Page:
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Central Administrative Court | Jurisdiction of Tax Arbitral Tribunals| 27-09-2018 | Case #101

Central Administrative Court | Jurisdiction of Tax Arbitral Tribunals| 27-09-2018 | Case #101
Case nr. 9933/16.1BCLSB


According to the tax arbitration regime, the following claims are covered by the jurisdiction of arbitral tribunals: (a) the declaration of illegality of tax settlements, self-assessments, withholding of tax and payments on account; (b) the declaration of illegality of acts determining the taxable amount and acts setting the equity values; and (c) the assessment of any question, in fact or in law, related to draft settlement decisions, whenever the law does not guarantee the right to request the aforementioned declaration of illegality.


I -The award shall be null and void only when the arbitrator has either omitted to pronounce on any of the questions put to him by the parties, or when he has known of and pronounced on questions that they have not submitted to him.

II -An appeal to the Constitutional Court is always restricted to a question of constitutionality, which consists of knowing whether or not a rule applicable to a case pending before the court is unconstitutional. The constitutionality appeal does not concern the judicial decision itself, but only the part which pertains to the application of an allegedly unconstitutional rule.

III -In the situation under analysis, the decision of the Constitutional Court serves as res judicata only on the question of unconstitutionality or illegality. It was thus necessary to follow the consequences of the provisions of Article 80(2) of the Law of the Constitutional Court according to which “Should the Constitutional Court judge the appeal to be founded, even if only partially, the proceedings drop back to the court from which they came, so that this same court, depending on the case, can change the decision or have it changed in agreement with the judgement on the question of unconstitutionality or illegality”.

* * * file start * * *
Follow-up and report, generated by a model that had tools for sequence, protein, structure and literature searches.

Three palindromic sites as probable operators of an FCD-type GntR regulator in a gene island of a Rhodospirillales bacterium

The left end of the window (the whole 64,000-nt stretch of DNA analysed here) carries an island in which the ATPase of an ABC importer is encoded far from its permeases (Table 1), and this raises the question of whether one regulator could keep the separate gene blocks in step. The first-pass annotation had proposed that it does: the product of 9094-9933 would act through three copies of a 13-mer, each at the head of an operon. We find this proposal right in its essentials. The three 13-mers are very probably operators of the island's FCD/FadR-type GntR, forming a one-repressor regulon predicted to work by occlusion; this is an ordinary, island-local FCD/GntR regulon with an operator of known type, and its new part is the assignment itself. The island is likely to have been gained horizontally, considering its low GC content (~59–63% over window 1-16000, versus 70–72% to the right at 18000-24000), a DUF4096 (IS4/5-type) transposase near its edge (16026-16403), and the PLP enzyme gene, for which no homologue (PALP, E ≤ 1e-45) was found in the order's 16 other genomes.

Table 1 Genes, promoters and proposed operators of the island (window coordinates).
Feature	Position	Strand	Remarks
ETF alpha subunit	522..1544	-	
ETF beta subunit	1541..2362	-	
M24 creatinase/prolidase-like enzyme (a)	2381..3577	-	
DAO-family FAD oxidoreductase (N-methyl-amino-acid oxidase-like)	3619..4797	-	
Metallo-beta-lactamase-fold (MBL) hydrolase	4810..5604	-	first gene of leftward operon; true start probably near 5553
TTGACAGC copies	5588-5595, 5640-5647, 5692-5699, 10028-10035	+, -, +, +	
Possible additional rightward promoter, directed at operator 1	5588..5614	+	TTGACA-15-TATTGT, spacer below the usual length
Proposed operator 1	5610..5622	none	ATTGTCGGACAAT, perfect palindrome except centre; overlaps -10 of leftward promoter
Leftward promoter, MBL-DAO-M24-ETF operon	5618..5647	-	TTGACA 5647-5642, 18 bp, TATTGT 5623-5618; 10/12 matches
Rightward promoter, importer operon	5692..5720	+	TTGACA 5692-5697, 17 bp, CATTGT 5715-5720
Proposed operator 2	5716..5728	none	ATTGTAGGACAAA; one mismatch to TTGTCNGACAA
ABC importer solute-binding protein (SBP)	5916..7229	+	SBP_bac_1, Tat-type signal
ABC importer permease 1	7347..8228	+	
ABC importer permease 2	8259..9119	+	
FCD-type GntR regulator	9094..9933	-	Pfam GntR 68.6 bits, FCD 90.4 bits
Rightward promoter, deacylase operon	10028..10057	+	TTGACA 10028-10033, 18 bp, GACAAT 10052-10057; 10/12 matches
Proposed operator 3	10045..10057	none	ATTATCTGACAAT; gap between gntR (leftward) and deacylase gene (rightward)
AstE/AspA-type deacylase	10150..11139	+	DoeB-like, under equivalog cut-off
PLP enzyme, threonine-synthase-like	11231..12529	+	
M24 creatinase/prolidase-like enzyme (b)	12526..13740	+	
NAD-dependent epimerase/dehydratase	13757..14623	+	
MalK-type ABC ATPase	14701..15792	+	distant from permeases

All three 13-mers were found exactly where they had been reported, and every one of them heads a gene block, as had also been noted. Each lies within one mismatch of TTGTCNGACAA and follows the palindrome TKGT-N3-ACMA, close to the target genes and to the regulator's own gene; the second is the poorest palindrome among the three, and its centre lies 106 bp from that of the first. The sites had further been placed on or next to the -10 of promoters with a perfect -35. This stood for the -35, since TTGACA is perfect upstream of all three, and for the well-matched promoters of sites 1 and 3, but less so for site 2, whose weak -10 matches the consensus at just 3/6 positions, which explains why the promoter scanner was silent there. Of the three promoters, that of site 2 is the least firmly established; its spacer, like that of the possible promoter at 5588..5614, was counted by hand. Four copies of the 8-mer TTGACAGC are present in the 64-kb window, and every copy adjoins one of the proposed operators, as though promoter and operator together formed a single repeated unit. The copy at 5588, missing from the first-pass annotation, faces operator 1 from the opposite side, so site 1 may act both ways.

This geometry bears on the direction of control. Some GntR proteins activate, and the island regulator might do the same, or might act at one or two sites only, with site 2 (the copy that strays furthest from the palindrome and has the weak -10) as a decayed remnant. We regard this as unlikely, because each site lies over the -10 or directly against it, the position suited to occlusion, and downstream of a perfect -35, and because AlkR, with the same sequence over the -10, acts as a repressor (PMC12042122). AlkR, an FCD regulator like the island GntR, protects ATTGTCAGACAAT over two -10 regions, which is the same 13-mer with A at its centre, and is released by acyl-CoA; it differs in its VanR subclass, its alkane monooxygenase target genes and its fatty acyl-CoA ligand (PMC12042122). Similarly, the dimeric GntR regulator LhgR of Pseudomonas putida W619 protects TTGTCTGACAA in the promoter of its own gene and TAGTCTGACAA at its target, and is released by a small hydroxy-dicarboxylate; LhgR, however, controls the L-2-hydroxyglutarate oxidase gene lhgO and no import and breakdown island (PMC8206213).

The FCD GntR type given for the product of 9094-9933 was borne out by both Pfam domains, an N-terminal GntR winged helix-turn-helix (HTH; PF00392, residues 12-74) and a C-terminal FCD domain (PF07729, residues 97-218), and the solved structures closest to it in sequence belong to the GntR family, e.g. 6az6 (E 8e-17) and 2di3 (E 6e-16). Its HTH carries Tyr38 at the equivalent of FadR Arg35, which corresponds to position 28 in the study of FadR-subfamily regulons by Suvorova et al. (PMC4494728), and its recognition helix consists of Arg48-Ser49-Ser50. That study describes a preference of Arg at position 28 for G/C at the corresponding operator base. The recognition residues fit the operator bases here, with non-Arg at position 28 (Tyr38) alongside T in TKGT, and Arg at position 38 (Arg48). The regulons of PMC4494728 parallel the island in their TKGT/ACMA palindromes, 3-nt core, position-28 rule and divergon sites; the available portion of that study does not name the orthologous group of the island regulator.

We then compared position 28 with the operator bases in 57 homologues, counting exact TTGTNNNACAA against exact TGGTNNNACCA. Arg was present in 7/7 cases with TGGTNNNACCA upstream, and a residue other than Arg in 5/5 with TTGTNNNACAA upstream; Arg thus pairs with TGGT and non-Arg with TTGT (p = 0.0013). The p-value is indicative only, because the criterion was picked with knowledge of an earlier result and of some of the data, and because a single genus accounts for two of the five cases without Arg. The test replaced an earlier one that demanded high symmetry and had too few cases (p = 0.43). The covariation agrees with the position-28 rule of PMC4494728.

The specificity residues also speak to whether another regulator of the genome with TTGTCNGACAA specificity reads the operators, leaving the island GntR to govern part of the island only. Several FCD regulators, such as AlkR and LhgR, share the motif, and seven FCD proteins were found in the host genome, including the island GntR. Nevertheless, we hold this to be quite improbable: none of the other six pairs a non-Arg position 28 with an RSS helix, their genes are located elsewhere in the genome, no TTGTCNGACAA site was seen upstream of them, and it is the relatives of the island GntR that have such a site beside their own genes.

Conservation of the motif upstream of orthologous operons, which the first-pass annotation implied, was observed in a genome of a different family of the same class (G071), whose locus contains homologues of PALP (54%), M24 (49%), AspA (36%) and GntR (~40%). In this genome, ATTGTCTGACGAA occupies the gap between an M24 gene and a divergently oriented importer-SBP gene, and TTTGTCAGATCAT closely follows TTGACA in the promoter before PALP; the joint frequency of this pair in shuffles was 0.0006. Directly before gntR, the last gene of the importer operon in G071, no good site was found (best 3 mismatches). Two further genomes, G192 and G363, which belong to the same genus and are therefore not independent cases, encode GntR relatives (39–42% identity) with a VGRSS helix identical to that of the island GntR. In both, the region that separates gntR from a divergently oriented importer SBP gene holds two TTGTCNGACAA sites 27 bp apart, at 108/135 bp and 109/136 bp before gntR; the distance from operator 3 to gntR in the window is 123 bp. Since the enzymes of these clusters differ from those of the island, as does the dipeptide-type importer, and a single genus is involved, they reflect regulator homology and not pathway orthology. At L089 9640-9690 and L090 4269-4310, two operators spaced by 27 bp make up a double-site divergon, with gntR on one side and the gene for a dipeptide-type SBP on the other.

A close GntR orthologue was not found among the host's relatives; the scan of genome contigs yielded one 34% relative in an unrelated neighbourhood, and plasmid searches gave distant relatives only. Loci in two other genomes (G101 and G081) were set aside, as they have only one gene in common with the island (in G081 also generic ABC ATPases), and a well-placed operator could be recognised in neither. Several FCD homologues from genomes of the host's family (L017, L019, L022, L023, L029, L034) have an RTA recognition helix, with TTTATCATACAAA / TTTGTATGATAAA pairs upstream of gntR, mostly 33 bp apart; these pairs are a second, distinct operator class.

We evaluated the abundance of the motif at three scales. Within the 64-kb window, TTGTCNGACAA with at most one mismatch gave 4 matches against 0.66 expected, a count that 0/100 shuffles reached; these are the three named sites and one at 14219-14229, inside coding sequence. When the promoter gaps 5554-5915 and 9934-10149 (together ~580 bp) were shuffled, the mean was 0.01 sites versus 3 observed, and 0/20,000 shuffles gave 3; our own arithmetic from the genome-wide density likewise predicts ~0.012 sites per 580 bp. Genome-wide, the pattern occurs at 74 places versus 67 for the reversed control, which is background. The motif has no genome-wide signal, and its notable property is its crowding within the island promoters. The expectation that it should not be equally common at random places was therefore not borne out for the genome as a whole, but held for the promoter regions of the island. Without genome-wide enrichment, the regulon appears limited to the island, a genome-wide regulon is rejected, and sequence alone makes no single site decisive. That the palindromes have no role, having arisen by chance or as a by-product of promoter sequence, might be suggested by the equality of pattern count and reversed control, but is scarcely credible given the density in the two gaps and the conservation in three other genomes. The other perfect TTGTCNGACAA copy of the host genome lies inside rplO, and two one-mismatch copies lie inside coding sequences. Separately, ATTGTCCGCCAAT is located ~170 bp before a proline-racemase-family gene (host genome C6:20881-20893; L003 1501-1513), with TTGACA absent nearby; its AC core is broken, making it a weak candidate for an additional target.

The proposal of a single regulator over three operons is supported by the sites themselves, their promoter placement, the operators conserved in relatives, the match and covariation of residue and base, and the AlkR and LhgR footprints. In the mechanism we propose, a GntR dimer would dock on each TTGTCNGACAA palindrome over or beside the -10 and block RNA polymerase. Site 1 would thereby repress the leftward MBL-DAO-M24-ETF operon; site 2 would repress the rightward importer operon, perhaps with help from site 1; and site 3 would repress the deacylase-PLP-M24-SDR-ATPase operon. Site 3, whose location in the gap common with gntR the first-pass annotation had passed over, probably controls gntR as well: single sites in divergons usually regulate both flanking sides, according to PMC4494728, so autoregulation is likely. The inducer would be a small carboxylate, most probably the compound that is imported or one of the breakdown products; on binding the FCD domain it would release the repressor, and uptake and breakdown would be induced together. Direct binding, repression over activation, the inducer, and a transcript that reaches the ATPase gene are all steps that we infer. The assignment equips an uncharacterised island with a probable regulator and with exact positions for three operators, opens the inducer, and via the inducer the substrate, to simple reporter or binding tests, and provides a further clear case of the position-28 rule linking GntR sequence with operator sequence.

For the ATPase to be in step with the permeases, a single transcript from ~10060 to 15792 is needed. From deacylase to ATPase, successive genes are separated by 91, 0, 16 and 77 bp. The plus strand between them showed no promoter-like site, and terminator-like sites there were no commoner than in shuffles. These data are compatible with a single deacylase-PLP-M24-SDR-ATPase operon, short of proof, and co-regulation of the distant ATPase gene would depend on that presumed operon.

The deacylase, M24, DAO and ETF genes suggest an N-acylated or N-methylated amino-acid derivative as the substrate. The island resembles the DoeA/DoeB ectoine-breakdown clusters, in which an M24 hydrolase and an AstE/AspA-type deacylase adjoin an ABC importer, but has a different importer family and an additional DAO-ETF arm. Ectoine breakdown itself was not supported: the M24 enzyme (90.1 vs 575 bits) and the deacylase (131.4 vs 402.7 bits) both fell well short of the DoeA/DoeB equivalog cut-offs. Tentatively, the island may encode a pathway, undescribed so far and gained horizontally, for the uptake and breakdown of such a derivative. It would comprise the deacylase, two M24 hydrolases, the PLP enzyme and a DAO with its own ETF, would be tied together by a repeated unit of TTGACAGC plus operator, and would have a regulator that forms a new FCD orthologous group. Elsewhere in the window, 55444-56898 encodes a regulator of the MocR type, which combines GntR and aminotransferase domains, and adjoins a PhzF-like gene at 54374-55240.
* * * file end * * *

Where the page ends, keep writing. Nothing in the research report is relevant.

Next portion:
IV -The Arbitral Tribunal, following the decision of the Constitutional Court and reformulating its previous decision, necessarily had to become aware of the defects whose assessment had been prejudiced as a result of a judgment of unconstitutionality which has been rejected by the Constitutional Court.

V – In this process of reformulation, the assessment of the issues of compliance with the requirements of article 10 of the CIRS was fully justified, specifically the issue of what date is to be considered as that of the disposal of the shares.

VI – There is no excessive pronunciation here. Indeed, if the Arbitral Tribunal had not become aware of the alleged defects whose knowledge had initially been prejudiced, there would have been a clear omission to pronounce in relation to the questions which the taxpayer raised as the basis of the request for an arbitration award, and on which he based his defence about the illegality of the contested liquidation.

Summary and headlines kindly prepared by Avani Agarwal (final year law student at NALSAR University of Law, Hyderabad, India; Arvani Agarwal may be contacted by email:

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